Some outcomes are easy to assess, such as school attendance or GCSE grades. Others are more difficult, such as assessing students’ attitudes or motivation to learning. For intervention comparisons to be meaningful, outcomes should be assessed using methods that have been shown to be reliable.
For example, self-report of proficiency in a skill tends to be less reliable than testing all participants on a specific skill using the same test. As the test is the same for all students, conclusions based on this measure are more reliable than conclusions based on students’ self-reported proficiency as they might over, or under, estimate their abilities.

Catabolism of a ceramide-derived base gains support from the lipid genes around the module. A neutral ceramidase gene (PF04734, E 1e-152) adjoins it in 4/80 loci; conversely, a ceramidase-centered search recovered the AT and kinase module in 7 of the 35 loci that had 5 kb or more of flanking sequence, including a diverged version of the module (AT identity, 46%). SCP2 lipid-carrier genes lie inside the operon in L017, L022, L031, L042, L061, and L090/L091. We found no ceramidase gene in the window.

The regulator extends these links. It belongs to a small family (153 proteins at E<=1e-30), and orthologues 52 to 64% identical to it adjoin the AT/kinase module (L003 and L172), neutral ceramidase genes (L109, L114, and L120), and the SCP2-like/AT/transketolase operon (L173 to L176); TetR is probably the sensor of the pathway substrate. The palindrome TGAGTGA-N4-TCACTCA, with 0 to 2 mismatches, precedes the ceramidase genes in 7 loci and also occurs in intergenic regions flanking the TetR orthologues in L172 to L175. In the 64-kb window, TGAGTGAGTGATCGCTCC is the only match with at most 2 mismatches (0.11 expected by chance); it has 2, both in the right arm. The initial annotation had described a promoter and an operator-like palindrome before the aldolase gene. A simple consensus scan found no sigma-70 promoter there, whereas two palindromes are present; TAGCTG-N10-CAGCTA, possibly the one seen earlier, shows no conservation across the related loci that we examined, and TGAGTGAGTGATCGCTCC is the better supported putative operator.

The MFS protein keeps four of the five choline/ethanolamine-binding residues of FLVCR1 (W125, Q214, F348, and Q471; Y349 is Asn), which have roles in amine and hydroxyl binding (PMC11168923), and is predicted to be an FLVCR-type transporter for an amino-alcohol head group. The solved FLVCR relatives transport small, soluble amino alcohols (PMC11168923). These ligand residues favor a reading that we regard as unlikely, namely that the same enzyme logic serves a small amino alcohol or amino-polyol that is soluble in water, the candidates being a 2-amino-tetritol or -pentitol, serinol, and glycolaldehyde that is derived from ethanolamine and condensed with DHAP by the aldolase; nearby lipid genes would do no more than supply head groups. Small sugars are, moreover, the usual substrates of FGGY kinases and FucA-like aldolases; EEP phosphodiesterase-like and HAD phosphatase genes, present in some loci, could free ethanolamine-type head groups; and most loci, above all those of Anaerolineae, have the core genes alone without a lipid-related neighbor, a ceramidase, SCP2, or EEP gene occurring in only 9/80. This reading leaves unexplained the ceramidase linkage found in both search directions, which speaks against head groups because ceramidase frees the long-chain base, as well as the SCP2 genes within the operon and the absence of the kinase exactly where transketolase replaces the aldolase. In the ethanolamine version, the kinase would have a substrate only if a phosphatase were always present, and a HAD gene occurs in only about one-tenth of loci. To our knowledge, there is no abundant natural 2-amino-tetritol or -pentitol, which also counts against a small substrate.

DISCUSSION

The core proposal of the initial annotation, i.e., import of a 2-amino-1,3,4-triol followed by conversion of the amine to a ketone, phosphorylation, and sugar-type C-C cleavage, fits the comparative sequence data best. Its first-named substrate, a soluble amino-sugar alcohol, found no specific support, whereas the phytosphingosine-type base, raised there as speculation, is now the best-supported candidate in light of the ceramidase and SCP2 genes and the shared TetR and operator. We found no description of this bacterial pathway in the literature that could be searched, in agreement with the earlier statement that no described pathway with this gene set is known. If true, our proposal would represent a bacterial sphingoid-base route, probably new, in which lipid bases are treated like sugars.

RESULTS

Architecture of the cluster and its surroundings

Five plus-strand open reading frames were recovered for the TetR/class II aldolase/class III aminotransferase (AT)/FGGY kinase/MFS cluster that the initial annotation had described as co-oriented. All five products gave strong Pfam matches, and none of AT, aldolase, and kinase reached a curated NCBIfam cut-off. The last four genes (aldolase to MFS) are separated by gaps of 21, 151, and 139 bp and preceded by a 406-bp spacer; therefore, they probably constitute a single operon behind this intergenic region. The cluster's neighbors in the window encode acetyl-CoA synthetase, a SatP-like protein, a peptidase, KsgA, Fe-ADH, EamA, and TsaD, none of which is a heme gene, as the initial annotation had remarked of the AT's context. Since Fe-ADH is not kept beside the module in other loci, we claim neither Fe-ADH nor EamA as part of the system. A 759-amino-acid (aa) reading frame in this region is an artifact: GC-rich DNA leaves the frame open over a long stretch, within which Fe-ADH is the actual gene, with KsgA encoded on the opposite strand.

BEWARE of studies that use unreliable methods.
REMEMBER: Think about whether outcomes were assessed using methods that have been shown to be reliable.